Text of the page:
When Brands Attack

CollegeHumor’s Jake Hurwitz and Amir Blumenfeld, the tw0fer talent behind the eponymously titled online show “Jake and Amir,” will emcee the next week’s 2009 Digital Content NewFront confab during Internet Week New York. Advertising juggernaut Digitas and its brand content entity, The Third Act, will host the invite-only symposium though a live-stream is available to the great unwashed who also hope to clean up with branded content (I feel so dirty). To create awareness of the gig, the duo created a comedic video that depicts a pitfall of branded entertainment ? namely, when the brand overtakes the entertainment.

The satire has particular resonance in light of Barbarian Group CEO Benjamin Palmer’s quotes in an? Adweek column (reported by David Gianatasio), which came on the heels of Digitas’ launch of The Third Act last year:? “Most of the time, something that’s going to make a perfect TV or Web show, proper video game or film is going to be an idea that doesn’t inherently play directly in line with the brand story (like, let’s say, insurance.). Because, what makes a great show, game or film? Artistic merit, humanity, story, talent. These occasionally overlap with marketing demographic, industry sector and brand penetration, but more often than not, they do not.”

Mind you Palmer’s comment came a year before the release of branded entertainment behemoth “Night at the Museum: Battle of the Smithsonian,” though the case for “artistic merit” here might be difficult to make. As far as Hurwitz and Blumenfeld are concerned,? however, the overlap of “marketing demographic, industry sector and brand penetration” is near absolute, to say nothing of the melding of medium and message. It’s like McLuhan porn ? good work guys.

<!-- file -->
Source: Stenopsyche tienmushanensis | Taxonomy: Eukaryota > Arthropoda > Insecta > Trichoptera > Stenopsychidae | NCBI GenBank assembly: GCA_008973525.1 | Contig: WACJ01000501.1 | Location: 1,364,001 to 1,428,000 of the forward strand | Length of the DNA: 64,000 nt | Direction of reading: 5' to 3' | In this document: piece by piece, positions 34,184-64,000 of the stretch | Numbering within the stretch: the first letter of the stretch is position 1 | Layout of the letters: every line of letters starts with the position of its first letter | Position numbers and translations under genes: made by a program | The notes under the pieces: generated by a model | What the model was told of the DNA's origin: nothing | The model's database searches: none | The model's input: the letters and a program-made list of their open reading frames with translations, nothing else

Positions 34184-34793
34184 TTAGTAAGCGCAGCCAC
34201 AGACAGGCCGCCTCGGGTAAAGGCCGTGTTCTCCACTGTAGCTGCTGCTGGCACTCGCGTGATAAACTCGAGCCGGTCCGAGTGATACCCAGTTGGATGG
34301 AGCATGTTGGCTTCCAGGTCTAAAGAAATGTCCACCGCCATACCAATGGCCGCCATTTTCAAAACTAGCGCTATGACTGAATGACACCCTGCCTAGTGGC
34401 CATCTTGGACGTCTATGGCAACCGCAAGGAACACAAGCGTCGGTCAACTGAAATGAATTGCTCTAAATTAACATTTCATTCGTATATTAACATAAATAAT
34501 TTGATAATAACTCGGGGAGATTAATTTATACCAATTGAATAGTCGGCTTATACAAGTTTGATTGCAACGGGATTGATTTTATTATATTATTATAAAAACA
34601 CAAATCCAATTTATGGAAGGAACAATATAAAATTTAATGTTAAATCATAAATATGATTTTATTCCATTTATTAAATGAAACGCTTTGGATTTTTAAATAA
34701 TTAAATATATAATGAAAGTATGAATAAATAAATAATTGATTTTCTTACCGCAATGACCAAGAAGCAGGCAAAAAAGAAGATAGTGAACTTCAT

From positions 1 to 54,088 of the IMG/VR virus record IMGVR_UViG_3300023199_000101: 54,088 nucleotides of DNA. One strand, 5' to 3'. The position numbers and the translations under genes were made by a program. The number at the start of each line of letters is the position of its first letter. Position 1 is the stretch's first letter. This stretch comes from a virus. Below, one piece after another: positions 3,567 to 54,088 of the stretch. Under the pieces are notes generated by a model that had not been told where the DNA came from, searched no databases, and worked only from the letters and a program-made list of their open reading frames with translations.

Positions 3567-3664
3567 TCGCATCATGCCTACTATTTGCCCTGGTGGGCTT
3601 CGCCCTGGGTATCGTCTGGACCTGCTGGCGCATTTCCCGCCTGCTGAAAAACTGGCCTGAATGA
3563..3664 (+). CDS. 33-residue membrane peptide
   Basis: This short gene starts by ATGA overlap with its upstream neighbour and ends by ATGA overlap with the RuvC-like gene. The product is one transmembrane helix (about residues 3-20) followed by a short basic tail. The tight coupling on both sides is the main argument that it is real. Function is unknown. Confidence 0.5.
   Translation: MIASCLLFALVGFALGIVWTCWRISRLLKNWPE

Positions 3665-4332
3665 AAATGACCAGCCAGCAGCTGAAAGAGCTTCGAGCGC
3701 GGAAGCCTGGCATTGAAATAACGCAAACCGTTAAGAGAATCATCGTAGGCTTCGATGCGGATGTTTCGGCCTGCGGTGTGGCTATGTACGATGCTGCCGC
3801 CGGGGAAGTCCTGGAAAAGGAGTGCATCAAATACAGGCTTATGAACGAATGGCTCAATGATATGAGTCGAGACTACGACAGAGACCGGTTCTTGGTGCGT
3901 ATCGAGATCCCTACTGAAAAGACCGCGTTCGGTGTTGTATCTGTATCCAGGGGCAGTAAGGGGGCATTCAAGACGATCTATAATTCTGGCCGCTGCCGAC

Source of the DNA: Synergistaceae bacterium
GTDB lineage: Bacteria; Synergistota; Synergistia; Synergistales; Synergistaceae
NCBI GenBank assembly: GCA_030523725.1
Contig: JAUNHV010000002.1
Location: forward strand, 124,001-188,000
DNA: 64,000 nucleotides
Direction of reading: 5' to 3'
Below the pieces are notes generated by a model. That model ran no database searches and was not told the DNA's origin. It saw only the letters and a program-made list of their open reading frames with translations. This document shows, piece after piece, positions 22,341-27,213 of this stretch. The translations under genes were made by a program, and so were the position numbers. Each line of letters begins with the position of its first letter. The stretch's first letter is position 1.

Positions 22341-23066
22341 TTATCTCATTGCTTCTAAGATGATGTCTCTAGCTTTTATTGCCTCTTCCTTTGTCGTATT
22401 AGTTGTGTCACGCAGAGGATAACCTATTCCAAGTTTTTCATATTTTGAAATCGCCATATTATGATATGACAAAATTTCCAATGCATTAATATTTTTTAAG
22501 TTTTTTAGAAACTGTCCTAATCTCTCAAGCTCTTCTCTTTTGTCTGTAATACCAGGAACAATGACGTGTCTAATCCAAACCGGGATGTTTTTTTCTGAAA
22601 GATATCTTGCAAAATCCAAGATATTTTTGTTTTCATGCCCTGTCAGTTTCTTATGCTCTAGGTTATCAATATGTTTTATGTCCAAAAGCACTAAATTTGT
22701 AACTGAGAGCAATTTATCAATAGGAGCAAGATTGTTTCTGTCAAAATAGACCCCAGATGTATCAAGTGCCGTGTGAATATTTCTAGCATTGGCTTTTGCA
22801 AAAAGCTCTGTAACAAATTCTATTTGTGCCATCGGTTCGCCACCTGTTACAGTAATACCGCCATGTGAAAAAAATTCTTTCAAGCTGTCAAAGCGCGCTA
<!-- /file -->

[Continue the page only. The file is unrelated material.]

Daedalus Howell

Daedalus Howell is the author, most recently, of the novel "Quantum Deadline" and the writer-director of the recently released feature film "Pill Head." He is the editor of The North Bay Bohemian and The Pacific Sun.

One Reply to “When Brands Attack”

  1. I’m personally on a crusade to change the word “music” and replace it with “Daughtry” – so that instead of “did you hear Green Day’s new music?” – you would say – “Did you hear Green Day’s new daughtry?” Because, when you think about it, Daughtry is music.

Any thoughts?

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